Source: Facebook

Congratulations are in order for Twitter (NYSE:TWTR). The company recently announced it had won the digital rights to National Football League games, paying what Bloomberg reports as a "bargain price." In the article, "a person familiar with the deal" disclosed the deal is for 10 Thursday night games for $10 million, putting the per game cost at $1 million.

The win was a coup for Twitter. Needless to say, the struggling social-media site was not considered a favorite to win these rights... or even a strong competitor. Technology website Re/code earlier reported a short list of interested competitors uncovered by industry insiders and Twitter was not among those mentioned. In a clear departure from Roger Goodell's monetization-driven reign, the NFL confirmed it did not take the highest bidder on the table. It should be noted Twitter chief financial officer, Anthony Noto, held the same position for the NFL under Goodell before leaving in 2010, perhaps putting the company at an advantage in the bidding process from a partnership standpoint.

While it's unclear who the highest bidder was, it's possible Facebook (NASDAQ:FB) was the unlucky suitor. Re/code's report considered Facebook among the list of potential rights suitors. Also, Facebook's vice president of partnerships, Dan Rose, admitted the company was bidding for the rights in an interview with Variety. Don't worry about Facebook, the company is continuing to build its live-streaming services.

Facebook is continuing to grow live content. Will Twitter lose out?
According to another article from Re/code, Facebook CEO Mark Zuckerberg is "obsessed" with live-streaming and plans to make it a top priority. That obsession is starting to pay dividends. On the fourth-quarter earnings call, Zuckerberg noted 100 million hours of video were being watched daily. Facebook's big plan to grow that figure? Making live videos front and center on its mobile app, replacing the Messenger icon with a new Live icon.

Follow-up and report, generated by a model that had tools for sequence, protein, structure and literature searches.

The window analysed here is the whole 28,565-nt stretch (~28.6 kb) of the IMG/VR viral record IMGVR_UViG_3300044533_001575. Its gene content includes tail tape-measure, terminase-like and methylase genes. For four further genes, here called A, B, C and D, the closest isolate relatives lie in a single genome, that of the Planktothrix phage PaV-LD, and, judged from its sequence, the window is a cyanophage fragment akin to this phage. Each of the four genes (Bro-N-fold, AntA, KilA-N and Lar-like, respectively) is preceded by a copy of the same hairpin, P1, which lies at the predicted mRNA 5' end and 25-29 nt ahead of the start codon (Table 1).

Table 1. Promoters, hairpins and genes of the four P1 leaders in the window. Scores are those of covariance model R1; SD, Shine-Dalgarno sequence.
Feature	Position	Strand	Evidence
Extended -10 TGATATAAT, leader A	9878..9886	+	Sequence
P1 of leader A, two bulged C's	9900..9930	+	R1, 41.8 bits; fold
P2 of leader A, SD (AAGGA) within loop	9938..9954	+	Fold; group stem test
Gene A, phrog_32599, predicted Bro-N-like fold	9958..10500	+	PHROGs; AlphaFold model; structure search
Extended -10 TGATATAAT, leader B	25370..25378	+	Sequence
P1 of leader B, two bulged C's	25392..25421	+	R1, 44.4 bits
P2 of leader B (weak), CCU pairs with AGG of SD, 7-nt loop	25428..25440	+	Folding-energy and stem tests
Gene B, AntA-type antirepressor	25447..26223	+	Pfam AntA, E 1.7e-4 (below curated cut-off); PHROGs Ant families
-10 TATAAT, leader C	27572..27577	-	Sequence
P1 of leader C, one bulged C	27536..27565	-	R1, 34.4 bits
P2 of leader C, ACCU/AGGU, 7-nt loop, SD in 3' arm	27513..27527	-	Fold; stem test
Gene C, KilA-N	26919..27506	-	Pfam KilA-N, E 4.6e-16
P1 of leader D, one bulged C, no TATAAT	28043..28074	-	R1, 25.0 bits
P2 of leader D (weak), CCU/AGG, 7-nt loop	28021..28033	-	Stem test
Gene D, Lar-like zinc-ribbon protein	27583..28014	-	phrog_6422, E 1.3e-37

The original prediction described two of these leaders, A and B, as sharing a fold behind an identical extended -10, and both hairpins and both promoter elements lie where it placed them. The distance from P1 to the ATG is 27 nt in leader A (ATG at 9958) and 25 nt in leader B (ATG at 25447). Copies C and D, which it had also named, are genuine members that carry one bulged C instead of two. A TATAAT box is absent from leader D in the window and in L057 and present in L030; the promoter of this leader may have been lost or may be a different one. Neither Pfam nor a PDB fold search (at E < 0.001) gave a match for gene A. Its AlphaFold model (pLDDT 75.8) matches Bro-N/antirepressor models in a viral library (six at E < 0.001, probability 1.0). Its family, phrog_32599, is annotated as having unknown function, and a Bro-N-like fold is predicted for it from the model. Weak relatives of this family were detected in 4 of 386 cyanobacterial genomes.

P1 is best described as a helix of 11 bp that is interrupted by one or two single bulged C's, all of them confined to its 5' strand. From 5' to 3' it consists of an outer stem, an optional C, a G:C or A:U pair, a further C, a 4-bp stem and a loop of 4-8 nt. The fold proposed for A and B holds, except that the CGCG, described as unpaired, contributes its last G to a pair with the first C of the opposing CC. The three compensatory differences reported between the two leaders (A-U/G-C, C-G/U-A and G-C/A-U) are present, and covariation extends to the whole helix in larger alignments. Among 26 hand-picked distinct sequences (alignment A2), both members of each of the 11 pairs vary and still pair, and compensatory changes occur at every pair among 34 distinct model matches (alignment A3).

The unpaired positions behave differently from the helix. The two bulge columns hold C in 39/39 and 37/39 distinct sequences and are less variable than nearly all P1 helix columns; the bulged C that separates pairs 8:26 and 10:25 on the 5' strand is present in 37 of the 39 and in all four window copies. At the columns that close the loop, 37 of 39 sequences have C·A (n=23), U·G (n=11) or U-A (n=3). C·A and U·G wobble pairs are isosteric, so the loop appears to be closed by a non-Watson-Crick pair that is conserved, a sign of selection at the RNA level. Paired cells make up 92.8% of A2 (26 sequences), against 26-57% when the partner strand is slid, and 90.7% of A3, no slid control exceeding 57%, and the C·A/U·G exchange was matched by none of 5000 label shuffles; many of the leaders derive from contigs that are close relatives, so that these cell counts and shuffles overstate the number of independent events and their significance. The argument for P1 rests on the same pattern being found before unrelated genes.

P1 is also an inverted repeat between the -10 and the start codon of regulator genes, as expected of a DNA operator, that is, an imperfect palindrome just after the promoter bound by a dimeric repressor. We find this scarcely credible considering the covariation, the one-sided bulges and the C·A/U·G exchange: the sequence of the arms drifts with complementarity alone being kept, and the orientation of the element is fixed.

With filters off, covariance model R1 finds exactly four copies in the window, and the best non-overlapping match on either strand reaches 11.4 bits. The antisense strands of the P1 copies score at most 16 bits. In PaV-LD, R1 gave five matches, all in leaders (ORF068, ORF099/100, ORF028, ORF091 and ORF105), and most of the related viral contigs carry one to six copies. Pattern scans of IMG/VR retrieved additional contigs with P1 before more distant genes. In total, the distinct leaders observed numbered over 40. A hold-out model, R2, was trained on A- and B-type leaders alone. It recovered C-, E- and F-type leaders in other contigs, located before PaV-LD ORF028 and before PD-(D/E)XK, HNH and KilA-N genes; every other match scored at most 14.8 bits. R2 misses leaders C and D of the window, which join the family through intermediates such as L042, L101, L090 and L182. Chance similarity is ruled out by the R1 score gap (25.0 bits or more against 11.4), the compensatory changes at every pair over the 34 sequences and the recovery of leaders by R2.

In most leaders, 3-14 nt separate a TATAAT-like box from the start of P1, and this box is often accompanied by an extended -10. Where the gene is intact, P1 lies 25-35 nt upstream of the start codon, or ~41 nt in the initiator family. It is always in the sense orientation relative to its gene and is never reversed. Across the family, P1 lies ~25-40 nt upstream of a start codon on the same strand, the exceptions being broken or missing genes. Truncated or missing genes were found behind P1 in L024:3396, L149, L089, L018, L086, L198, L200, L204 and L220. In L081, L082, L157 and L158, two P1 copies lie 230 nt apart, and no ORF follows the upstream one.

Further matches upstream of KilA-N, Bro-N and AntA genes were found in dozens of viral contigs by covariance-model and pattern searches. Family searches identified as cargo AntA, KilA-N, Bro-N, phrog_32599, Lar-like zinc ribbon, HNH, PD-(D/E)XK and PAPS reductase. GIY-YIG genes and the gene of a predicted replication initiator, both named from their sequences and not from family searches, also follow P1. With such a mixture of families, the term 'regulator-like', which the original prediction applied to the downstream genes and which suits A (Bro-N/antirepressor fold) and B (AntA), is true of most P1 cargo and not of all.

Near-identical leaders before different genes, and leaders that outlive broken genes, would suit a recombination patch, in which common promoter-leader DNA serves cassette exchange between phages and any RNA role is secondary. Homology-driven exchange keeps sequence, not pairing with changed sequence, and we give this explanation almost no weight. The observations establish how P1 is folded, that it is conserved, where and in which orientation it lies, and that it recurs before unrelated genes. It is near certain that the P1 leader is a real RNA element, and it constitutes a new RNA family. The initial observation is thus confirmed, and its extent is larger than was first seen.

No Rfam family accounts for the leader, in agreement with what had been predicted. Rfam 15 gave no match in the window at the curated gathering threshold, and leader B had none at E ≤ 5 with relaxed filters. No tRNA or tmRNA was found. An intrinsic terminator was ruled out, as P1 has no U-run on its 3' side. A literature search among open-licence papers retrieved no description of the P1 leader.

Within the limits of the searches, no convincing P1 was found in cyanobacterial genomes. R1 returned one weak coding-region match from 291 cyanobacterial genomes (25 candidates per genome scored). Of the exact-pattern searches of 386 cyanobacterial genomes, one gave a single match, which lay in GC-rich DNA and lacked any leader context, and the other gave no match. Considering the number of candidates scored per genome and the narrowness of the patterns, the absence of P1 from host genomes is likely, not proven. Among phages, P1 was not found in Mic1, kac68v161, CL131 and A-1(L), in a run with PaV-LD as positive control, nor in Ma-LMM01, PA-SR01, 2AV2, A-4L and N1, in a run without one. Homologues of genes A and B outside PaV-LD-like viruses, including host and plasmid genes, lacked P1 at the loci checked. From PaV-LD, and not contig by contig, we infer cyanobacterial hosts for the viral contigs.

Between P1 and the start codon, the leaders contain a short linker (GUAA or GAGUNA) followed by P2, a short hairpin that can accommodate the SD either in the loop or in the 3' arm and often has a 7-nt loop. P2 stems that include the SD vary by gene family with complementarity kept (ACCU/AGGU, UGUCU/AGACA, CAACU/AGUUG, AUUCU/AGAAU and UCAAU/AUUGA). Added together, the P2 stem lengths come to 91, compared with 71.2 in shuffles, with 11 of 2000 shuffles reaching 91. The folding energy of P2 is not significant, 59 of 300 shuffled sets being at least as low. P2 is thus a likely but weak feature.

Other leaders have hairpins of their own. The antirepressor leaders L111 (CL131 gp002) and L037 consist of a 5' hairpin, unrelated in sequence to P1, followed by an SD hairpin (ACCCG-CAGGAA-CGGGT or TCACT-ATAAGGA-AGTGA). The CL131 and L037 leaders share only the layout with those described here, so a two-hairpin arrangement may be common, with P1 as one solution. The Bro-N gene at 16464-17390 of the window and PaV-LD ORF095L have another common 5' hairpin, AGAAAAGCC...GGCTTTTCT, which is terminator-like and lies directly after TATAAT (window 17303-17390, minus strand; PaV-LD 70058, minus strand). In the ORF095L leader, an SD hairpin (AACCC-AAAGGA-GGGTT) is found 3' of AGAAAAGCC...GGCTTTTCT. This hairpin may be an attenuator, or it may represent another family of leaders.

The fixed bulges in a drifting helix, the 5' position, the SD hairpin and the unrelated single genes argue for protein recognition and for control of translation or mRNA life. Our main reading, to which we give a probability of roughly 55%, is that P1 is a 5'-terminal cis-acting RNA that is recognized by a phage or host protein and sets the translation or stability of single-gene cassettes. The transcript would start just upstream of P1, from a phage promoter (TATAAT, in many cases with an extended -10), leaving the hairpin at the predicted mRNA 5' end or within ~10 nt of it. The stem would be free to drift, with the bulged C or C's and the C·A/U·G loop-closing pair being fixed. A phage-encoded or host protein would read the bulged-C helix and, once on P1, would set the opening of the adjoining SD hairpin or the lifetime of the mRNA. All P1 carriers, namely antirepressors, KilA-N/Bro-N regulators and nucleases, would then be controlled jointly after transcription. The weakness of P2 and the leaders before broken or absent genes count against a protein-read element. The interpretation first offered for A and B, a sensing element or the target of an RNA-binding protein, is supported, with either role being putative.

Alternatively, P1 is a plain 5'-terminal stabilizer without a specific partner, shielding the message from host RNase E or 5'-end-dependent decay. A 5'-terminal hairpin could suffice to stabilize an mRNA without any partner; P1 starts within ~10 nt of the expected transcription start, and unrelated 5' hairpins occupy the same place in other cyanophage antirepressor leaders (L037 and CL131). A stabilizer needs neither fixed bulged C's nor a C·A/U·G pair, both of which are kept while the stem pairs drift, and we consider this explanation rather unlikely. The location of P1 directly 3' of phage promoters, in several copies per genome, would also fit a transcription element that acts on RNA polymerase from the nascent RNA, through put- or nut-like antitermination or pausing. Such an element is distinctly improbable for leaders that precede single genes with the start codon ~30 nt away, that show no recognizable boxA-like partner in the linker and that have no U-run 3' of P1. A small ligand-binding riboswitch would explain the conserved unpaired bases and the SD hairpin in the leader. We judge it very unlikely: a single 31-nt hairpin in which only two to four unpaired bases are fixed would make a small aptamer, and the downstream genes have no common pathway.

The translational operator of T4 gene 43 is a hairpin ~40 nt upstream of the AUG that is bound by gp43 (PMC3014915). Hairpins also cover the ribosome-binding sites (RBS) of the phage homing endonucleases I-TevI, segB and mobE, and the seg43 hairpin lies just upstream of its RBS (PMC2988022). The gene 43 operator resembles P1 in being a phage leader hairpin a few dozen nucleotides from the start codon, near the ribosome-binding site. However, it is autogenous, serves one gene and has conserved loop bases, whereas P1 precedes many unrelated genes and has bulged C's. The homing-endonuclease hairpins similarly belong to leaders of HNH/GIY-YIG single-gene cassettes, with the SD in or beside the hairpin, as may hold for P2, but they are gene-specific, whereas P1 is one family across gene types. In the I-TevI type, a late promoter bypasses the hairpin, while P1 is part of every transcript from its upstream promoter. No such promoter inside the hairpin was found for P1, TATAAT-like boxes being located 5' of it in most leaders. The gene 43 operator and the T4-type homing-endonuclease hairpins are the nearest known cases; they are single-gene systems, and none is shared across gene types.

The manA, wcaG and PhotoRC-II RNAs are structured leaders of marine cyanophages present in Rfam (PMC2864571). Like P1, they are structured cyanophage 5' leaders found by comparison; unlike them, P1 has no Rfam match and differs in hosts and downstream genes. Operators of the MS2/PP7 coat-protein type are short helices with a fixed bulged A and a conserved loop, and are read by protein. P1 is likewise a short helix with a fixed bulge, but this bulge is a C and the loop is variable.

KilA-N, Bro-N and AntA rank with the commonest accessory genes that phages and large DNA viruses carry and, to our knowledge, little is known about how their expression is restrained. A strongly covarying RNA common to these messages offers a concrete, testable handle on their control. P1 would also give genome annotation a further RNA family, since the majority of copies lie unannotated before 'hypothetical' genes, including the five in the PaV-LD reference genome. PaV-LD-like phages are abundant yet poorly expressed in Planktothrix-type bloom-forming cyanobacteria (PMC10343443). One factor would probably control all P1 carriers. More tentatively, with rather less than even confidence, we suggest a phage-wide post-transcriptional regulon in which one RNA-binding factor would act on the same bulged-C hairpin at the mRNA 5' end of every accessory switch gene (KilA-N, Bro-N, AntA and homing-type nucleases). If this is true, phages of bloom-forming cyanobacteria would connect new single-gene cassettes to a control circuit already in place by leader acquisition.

Facebook's move could be to the detriment of Twitter. The company has struggled in the wake of its IPO as slowing monthly active user, or MAU, growth has weighed on returns. The NFL deal was seen as a way to reinvigorate MAU growth, but Facebook is apparently looking to more forcefully compete against Twitter's live-video streaming Periscope. As of now, it's unclear how Twitter plans to live-stream NFL games, but Periscope is currently the most-capable outlet for uploading live-streaming content on Twitter's service.

Last year, Twitter purchased Periscope for an estimated $55 million, while the NFL deal is purportedly $10 million this year and will most likely increase yearly. In the end, a one-year NFL rights deal may increase MAUs in the short run, but Periscope was designed to be a long-term driver of MAU growth and engagement. Facebook benefits from its built-in MAU base of 1.6 billion users while Twitter only has 305 million non-SMS MAUs. Facebook's sheer size should allow it to grow live-streaming hours more effectively than 10 NFL games will for Twitter.